Format

Send to

Choose Destination
Explore (NY). 2007 Jul-Aug;3(4):372-7.

Acupuncture expectancy scale: development and preliminary validation in China.

Author information

1
Department of Family Medicine and Community Health, University of Pennsylvania School of Medicine, Philadelphia, PA, USA. maoj@uphs.upenn.edu

Abstract

OBJECTIVE:

Expectancy has been shown to affect the response to psychological and medical interventions; however, the lack of validated measure of expectancy in the setting of acupuncture limits the quantitative evaluation of the effects of expectancy on clinical response to acupuncture therapy. We seek to develop and validate an instrument that measures patients' expected response from acupuncture.

SETTING/DESIGN:

We developed the acupuncture expectancy scale by eliciting items from patients and then conducted a survey study in two phases to test the reliability and validity of the instrument among 200 subjects at six outpatient acupuncture clinics in Beijing, China.

RESULTS:

Our final scale consisted of four items measuring the expectation of improvement of illness, enhanced coping, increased vitality, and symptom alleviation as a result of acupuncture therapy. Scores of acupuncture expectancy scales ranged from four to 20, with a median of 17, and 21% at the maximum score. No item had over 5% missing data. Internal consistency (Cronbach's alpha coefficient) was .82. Principal components analysis revealed one general component accounting for 64% of the variance. Expectancy of response was positively correlated with selected questions of perceived efficacy (0.44), satisfaction (0.49), and confidence in prescribed acupuncture therapy (0.51), all with P < .001.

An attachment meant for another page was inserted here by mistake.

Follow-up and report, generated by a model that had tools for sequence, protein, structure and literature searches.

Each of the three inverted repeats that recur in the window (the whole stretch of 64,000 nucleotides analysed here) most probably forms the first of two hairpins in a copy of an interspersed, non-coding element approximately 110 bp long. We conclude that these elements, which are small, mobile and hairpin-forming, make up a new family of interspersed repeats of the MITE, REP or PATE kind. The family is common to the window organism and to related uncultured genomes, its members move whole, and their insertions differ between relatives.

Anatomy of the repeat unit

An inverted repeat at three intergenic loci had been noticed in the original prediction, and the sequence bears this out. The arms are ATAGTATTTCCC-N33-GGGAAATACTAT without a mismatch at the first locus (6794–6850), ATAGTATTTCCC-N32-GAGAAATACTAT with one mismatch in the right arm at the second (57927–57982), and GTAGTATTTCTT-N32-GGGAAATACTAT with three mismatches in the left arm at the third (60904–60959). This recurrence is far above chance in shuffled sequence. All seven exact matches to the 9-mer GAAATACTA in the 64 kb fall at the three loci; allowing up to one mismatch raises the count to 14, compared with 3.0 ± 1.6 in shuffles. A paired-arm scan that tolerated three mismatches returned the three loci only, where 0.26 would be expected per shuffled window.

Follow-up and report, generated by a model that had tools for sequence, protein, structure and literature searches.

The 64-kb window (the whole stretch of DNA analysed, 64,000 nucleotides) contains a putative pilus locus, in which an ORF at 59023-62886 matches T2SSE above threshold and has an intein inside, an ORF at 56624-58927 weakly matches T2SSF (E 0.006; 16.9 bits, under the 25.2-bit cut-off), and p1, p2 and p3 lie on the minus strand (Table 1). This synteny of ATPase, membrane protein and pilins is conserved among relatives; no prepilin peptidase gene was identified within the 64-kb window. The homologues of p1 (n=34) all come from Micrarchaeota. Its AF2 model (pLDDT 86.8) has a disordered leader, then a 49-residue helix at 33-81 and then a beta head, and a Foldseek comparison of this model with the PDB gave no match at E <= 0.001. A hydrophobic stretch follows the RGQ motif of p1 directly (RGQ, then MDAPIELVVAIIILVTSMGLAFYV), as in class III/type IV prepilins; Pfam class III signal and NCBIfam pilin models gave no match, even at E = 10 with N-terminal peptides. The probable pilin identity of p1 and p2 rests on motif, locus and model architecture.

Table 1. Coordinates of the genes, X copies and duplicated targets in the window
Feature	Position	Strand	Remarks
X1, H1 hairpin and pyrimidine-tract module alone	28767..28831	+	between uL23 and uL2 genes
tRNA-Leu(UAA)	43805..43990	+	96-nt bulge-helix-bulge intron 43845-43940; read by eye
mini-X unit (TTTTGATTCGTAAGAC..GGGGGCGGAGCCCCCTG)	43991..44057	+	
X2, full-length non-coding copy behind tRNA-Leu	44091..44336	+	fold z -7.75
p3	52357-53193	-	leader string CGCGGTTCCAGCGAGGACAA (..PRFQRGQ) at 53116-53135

CONCLUSION:

We developed a simple four-item instrument with valid and reliable score that measures expectancy about acupuncture therapy and correlates to subject reported response. The reliability and validity of acupuncture expectancy scale score needs to be tested in other types of populations. Incorporating this instrument in clinical trials can evaluate the role of expectancy as part of the complex social-behavioral component of acupuncture therapy.

PMID:
17681257
PMCID:
PMC2696198
DOI:
10.1016/j.explore.2006.12.003
[Indexed for MEDLINE]
Free PMC Article

Supplemental Content

Full text links

Icon for Elsevier Science Icon for PubMed Central
Loading ...
Support Center